We Wore Bright Colors That Day

Watching a movie just now and a funeral scene with pews filled with mourners wearing their all-black attire evoked memories of another funeral some 22 years ago. I couldn’t help but stop to write…because at that funeral…we wore bright colors that day.

My formation, spiritually, has always been tethered, tightly perhaps, to my parents. I know Jesus because of what they knew about Jesus. It hit me the other day. Because of conviction my family left our all black traditional church we were reared in when I was 12 years old. I complained then. But at 42 I remain so grateful. That began what I called our church hopping years. We were apostolic, charismatic, baptist, all white churches, multiethnic, you name it we were there. Gospel music. Christian contemporary. Christian Rock. Christian island music. To this day there is no one radio station that can capture the fruit I gleaned musically and culturally during those years.

Reflecting on those years the other day it hit me: those years are why I love diverse, multiethnic churches. Thats why God landed us at Southwest to love the people of that valley. A people rich in diversity and culture and backgrounds. That’s why I love preaching to a mixed bag of folks across all ages, backgrounds, political spectrums, and views. Because mom and dad were crazy enough to show us everything under the sun for loving God’s people. They were filled with joy. Laughter. Zeal. And optimism. What gifts our days at 447 Old Whitfield Road in Pearl, Mississippi were.

But that doesn’t mean our days were not tough. My Dad, trying to love and pursue Jesus as the Spirit led him suffered hardship and ostracism for taking our family out of “the church” and making his own way in ministry. He was therefore the most bravest leader. Thanks Dad for showing me courage. My mama suffered many illnesses before succumbing to cancer in 1997. Yet she fervently walked in the Spirit all those days. Thanks Mama for showing me the glory of Romans 8:28.

Hardships shape you into something better. Something stronger. Something more closer to Christ than what you would’ve been without the trouble. Our family was graced with the good and the bad and it was yet and still all God. Glory to His Holy Name.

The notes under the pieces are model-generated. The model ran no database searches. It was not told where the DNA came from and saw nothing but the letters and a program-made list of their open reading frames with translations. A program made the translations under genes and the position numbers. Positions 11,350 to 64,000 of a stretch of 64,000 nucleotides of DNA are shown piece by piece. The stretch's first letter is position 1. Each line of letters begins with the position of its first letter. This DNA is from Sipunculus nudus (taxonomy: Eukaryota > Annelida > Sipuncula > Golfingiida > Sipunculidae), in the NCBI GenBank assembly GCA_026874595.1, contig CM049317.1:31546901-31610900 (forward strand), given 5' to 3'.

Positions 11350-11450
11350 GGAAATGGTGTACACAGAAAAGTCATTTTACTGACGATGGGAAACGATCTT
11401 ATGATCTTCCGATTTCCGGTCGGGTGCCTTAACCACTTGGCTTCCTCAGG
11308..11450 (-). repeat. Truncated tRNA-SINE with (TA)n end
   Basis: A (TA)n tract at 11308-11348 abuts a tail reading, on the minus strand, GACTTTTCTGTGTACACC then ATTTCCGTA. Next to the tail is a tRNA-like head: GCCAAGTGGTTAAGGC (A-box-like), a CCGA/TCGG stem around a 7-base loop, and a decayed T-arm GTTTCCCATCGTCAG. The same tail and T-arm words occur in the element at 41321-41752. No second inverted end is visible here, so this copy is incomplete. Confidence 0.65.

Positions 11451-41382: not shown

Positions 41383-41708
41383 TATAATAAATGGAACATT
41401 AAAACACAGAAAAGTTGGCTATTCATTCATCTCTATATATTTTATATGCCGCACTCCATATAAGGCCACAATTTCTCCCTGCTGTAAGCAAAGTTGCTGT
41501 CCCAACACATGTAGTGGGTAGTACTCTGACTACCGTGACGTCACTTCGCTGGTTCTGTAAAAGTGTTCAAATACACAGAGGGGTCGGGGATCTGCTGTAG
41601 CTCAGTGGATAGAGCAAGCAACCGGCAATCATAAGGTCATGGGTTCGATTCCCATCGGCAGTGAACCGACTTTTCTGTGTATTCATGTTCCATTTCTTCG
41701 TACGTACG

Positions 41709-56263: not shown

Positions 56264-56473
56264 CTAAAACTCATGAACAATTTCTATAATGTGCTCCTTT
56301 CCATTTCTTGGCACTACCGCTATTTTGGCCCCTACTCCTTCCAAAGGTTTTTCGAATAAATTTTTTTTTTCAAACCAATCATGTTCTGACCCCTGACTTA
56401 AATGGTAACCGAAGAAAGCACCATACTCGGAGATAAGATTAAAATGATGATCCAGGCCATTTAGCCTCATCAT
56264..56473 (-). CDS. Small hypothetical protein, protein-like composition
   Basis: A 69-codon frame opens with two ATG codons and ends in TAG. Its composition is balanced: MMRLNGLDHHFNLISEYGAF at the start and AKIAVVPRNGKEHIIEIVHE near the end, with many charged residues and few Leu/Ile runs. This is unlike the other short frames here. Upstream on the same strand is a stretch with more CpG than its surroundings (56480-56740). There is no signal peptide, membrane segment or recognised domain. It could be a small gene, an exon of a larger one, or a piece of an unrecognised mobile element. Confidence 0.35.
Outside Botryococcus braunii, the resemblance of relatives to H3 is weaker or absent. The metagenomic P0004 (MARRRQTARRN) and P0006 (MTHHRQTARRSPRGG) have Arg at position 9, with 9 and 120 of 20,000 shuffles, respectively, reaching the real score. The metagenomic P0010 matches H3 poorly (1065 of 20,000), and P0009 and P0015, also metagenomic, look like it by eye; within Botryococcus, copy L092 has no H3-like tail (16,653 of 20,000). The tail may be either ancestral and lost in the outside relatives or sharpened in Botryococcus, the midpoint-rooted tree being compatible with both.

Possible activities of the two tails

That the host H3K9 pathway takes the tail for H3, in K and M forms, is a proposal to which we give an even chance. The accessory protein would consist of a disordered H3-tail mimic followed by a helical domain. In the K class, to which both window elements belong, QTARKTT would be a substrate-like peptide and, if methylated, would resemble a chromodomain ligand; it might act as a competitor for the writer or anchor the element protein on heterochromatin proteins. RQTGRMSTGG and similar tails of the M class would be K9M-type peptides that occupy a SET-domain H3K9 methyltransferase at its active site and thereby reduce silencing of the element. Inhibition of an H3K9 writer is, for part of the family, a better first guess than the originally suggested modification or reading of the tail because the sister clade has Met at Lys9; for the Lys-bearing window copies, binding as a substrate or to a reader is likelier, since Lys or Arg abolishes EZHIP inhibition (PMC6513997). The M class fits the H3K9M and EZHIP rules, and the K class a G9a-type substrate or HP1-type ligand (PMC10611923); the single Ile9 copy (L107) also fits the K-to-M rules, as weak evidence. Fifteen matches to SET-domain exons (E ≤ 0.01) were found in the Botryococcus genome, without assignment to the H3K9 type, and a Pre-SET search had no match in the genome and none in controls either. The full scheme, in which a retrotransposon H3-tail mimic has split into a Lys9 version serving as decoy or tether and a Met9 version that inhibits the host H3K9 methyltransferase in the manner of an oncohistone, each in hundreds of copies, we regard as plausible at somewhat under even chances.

Jesus is hope. Jesus is light. Jesus is joy filled tears. Jesus is relief. Jesus is peace. Jesus is comfort. Jesus is friendship.

So mama said one day…years before she died I guess: “they always wear dark clothes at funerals. But if you got Jesus even your funeral is not entirely sad. Because there’s joy on the other side.” When she passed Dad hauled us to the mall to buy appropriate dress clothes for her home going. And on a Saturday in March, 1997, our family walked down that center aisle in light khaki suits and pastel dresses like it was Easter Sunday. It wasn’t Easter of course. It was Mom’s funeral. But for us we knew there’d also been a resurrection God had given her. She found joy on the other side.

And so shall he give to us some day.

May we press on. May we lean into Christ. May we live out our days for adventure’s sake realizing that a day in Christ is the greatest resource one could have. Let us live loud. Let us love graciously. Let us fiercely pursue Christ and others. Let us make the best of it. And when they lay us down, may our children wear bright clothes that day.


3 thoughts on “We Wore Bright Colors That Day

    • Wes Schneider says:

      Ricky your story brings tears to me as it resonates with me. I am glad there is so much joy on the other side. Thank you for making this journey of mine so much easier. A true brother and friend

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